NFL pro bowl practice 2020

Fans gather with their memorabilia at Earhart Field to watch the National Football League's all-stars practice for the annual Pro Bowl Jan. 26. Opinion columnist Elijah Southwick describes how the 2020 NFL Draft revealed to him the strength of the human spirit.


From football to family, moments from heartfelt to memeable, the 2020 NFL Draft was both a lesson in perseverance and a distraction that was needed — and deserved.

I’ve always been a football fan and fantasy football junkie. Leading up to the draft, as the days and weeks ticked by under the current stay-at-home order, I found my escape in NFL Draft coverage. 

I know that nothing sucks the air out of a conversation like unwanted sports talk. I’m constantly resisting the urge to to express my excitement over third round draft picks or backup quarterbacks to all sorts of people, whether it’s with my coworkers, classmates, people at bars, or even dating partners. It’s a bit of a dry subject to the uninformed.

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As much as I love to analyze the football side of things, the 2020 NFL Draft represented so much more than that to me. The event was originally scheduled to take place in Las Vegas with an insanely high production value. Drafted players were going to be escorted onto the stage by boat. Like, on actual water.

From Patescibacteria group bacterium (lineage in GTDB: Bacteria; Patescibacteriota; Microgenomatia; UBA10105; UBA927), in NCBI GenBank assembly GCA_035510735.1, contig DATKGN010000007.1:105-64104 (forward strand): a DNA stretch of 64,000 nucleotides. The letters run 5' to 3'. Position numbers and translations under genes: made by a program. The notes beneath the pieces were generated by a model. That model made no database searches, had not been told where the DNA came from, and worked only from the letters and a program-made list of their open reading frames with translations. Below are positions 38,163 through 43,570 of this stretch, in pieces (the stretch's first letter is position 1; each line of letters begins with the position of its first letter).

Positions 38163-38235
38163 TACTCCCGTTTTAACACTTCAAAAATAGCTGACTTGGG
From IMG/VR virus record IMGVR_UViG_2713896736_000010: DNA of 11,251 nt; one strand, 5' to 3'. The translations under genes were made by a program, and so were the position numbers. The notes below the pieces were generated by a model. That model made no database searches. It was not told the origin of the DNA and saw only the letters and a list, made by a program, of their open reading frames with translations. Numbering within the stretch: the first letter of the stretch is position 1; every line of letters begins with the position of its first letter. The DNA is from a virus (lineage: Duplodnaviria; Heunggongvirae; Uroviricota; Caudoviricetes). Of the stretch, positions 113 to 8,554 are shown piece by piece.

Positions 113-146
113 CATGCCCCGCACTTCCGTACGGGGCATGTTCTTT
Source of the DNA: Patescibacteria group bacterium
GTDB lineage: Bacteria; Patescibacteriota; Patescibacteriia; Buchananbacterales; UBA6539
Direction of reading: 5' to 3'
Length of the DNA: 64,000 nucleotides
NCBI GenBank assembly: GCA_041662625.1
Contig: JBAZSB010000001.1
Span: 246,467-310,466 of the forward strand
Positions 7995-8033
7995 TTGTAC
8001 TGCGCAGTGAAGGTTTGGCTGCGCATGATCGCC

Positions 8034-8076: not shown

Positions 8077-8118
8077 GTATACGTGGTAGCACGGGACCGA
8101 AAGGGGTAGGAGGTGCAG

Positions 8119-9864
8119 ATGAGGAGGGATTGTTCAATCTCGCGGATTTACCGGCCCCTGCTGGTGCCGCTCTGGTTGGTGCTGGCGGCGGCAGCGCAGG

But due to the coronavirus, like the rest of the sports world, the live event was cancelled. Yet, much like the rest of the actual world, the NFL adapted, planning an unprecedented virtual draft in the realm of Zoom calls and Google Docs.

Many of the young players who would have been gloriously boated across Vegas waters changed their plans as well, hosting more intimate draft parties and broadcasting live at their homes with their friends, families and very supportive significant others. NFL Commissioner Roger Goodell announced the picks from his basement while wearing a pull-over sweater.

And it all played out on live television.

Although many were speculating there could be serious technical difficulties, the draft went off without a hitch. Although the modern sports world has never faced a more bleak reality, the draft was a wholesome and hopeful three day experience of watching young men realize their dreams.

Whether it was former LSU running back Clyde Edwards-Helaire breaking down in tears after being drafted by Kansas City at the end of the first round, or collegiate journeyman and Heisman trophy runner-up Jalen Hurts proving his doubters wrong in the second round, hope sprung eternally. 

The Kansas Jayhawks’ own Hakeem Adeniji heard his name called with the first pick of the sixth round after a decorated college career; a nice win for the football program, despite our now-closed campus facing an uncertain future.

Although it’s hard to imagine now, the world will eventually return to some version of normality. To me, the draft served as a reminder of that, as well as of the human spirit. Endurance and perseverance are pillars of the sports world, tenets that it now shares with the rest of the global community as it battles the coronavirus pandemic.

Elijah Southwick is a senior from Overland Park studying English and journalism.